-When the body is in a state of stress, the blood flow is sent to key areas of the body, diverting it away from other areas such as the intestines and gut. While this hardwired body response was intended for short duration, many people are now experiencing a chronic level of stress to some degree. As a result, detoxification is not priority, so these organs are given less blood flow and cannot perform optimally. In a Reflexology session, the cleaning organs and lymphatic system are flushed with the proper amount of blood flow and can perform the job nature intended.

-Each 'relex area' on the foot is a system of nerve endings that correspond to an organ, gland or part of the muscuolskeletal system. Reflexology studies (using Functional Magnetic Resonance Imaging technology) have shown that when a reflex area is worked, there is increased blood flow in the region of the brain related to the body part the reflex corresponds to. With our Spring Detox, we will focus on your detoxification system (lymphatic system, lungs, kidneys, liver and colon) to bring more blood flow to these organs and jump start your internal cleanse.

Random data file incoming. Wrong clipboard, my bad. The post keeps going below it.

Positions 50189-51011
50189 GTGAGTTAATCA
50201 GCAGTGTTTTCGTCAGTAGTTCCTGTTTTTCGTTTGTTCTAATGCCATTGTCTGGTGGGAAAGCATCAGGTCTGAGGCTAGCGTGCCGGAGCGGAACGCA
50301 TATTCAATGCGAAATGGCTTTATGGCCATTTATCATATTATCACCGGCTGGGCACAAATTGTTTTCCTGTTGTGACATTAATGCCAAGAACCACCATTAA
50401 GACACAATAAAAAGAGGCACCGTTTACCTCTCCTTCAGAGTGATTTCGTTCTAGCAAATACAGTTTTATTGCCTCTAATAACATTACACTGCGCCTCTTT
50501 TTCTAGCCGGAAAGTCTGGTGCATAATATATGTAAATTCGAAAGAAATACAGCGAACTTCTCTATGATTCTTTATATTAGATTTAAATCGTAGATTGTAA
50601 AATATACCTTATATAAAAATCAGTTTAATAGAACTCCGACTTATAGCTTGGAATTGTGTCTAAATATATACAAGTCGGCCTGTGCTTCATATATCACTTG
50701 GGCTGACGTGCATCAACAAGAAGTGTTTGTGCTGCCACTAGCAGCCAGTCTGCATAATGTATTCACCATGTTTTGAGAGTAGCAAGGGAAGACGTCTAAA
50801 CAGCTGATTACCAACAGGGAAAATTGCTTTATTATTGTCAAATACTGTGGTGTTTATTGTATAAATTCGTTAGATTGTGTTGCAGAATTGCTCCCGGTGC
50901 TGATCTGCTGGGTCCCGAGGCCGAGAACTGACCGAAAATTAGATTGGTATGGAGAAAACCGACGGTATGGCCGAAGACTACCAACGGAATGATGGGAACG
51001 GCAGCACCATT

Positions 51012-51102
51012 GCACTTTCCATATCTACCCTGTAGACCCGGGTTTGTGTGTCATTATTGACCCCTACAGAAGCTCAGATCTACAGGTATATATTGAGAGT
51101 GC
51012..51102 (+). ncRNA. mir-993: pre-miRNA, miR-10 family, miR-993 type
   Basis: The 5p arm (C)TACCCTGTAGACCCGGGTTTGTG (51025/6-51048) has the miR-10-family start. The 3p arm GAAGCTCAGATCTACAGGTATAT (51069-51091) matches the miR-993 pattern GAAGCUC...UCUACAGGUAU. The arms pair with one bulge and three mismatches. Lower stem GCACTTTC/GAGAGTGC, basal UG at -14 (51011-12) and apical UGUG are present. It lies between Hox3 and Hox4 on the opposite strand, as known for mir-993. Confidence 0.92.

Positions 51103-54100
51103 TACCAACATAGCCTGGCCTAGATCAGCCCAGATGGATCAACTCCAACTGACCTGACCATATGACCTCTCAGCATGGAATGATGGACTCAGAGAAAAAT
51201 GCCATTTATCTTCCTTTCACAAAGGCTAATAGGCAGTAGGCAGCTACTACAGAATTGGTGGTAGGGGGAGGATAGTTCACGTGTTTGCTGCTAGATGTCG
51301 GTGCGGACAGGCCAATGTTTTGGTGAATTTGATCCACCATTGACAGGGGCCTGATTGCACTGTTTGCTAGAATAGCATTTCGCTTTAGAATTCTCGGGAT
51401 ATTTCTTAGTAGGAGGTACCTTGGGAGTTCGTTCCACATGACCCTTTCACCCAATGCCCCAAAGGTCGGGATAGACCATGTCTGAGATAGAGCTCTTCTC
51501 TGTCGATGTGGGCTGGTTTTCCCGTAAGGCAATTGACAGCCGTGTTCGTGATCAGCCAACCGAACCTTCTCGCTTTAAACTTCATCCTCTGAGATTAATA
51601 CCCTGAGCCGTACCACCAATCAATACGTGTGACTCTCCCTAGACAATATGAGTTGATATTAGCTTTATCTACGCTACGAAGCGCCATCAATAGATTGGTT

We invite you to shake off winter, jump start your detoxification system and see how incredible you feel with a Spring Detox with Reflexology.

Spring Renewal

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Spring is here and nature is coming alive after a long, winter slumber. Maybe you can feel that natural transition from the yin (restful) energy, to one of the yang energy (active) within your own bodies. Maybe you’re feeling a little more energized as you begin to wake up and shake off your own winter slumber.

According to Chinese Medicine, Spring is a time of renewal and an ideal time for creating, cleansing, and moving. It is associated with the Liver and Gallbladder organs, which means it is a great time to release emotions that no longer serve you and help support the function of these two organs. When the liver is out of balance it may show up in symptoms such as; headaches, depression, digestive disorders, menstrual disorders, and high blood pressure, to name a few. With simple lifestyle adjustments, we can harmonize our liver and ensure we are living in sync with nature, which will allow our own health to thrive.